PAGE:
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1/26/2017 | 5 MINUTE READ

K 2016 Proves Additive Manufacturing Has Staying Power

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K 2016 made clear that additive manufacturing is establishing a prominent position at the triennial show among long-running mainstays like injection molding, extrusion, blowmolding and thermoforming.

Going back three years to the K 2013 show in Dusseldorf, arguably the biggest showstopper then was the world debut of the Freeformer machine for additive manufacturing from Arburg GmbH & Co KG (U.S. headquarters Rocky Hill, Conn.). Fast-forward three years to October’s K 2016 show, and the evidence is clear that this technology is not a passing fancy. This time it wasn’t just one exhibit that generated excitement around additive manufacturing (aka 3D printing), but a slew of innovations from a range of suppliers.

Here are some highlights based on reporting from Executive Editor Matt Naitove and Senior Editors Lilli Manolis Sherman and Heather Caliendo.

The German parent of Wacker Chemical Corp. Adrian, Mich., presented what it called the “first industrial 3D printer for silicones,” the ACEO Imagine Series K, which was operating at its booth throughout the show. The company says that silicone experts developed a unique system solution—consisting of material, software, and hardware—to open up new opportunities for industries such as healthcare, automotive, and electronics. ACEO technology uses a drop-on-demand method. The printer head deposits tiny silicone droplets on a substrate. In this way, the workpiece is built up layer by layer. The silicone is formulated so that the droplets flow together before the curing process begins, which is activated by UV light. The droplets and layers produce a homogeneous workpiece, which the com- pany claims “does not differ much from injection molded parts.” With the aid of water-soluble support materials, it is also possible to create overhang materials and internal lattices.

“ACEO technology can be used to make parts and assemblies with complex geometries, as well as ‘impossible products’ that could not previously be produced,” explains Bernd Pachaly, head of Wacker’s silicones research and responsible for the ACEO team.

Wacker is currently building its own technology center—the “ACEO campus”—near its main site in Burghausen, Germany. In the future, customers will be able to test their own product ideas in an Open Print Lab.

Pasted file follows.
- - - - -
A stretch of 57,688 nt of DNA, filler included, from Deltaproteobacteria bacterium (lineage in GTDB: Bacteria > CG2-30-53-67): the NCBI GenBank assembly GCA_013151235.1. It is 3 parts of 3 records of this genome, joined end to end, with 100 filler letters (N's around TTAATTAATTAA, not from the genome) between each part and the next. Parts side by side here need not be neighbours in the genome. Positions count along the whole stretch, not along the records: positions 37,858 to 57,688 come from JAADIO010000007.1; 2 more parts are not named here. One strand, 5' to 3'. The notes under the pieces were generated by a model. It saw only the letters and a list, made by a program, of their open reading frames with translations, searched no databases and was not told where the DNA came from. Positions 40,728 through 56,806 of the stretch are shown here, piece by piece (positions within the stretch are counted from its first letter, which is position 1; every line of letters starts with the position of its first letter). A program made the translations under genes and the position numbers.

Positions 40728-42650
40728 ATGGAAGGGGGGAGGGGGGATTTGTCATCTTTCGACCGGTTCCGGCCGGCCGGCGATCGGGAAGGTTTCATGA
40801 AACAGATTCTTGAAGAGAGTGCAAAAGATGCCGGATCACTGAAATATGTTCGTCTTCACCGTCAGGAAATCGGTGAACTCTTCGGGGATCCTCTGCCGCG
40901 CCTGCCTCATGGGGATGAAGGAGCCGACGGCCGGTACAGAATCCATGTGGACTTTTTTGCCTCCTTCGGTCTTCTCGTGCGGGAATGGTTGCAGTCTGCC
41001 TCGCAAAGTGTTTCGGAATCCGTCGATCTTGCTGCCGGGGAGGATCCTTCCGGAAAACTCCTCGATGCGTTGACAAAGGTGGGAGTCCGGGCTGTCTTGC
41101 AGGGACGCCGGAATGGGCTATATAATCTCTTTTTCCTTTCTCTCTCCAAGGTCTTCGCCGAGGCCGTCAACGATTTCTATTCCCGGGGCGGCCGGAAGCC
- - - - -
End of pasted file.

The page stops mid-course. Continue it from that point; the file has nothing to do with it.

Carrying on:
Stratasys, Inc., Eden Prairie, Minn., a leading supplier of 3D-printing equipment and materials, devoted its exhibit almost entirely to displays of plastic tooling and parts made from it. The exhibit also featured Stratasys’ new Polyjet J750 printer, which can print up to six different colors or materials at the same time. It does that by dispensing droplets of different colors or materials on top of each other, inkjet style, so they mix before being hardened (crosslinked) by UV light.

The capabilities of 3D-printed plastic tooling are best illustrated by what molders are doing with it. According to Gil Robinson, Stratasys sr. application engineer, they are running nylon, polycarbonate, acetal, PPE alloys, and PPS—even some glass-filled grades—as long as injection temperatures remain below 300 C (572 F). The number of shots that can be achieved depends on the material and the part. Robinson said the printed tooling inserts can last for five to 20 parts in nylon or PC, 50 to 100 parts in polyolefins, and up to 700 to 800 shots in acetal. The more complex the geometry, and the thinner the walls, the shorter the tool life.

Stratasys showed at K that printed plastic molds can also be used to prototype blow molded bottles and thermoformed shapes. In the case of thermoforming, a different type of Stratasys printer, using the FDM process of extruding and fusing thin plastic filaments, produces a porous mold that needs no drilling of vacuum holes. Other exhibits displayed printed plastic layup tools for vacuum bagging continuous-glass composites. In one case, soluble material was used to print a core for laying up a composite tube with curves and bends. The printed core could be washed out after curing the carbon-fiber/epoxy part. (See also this month’s report on hot runners and tooling news at K.)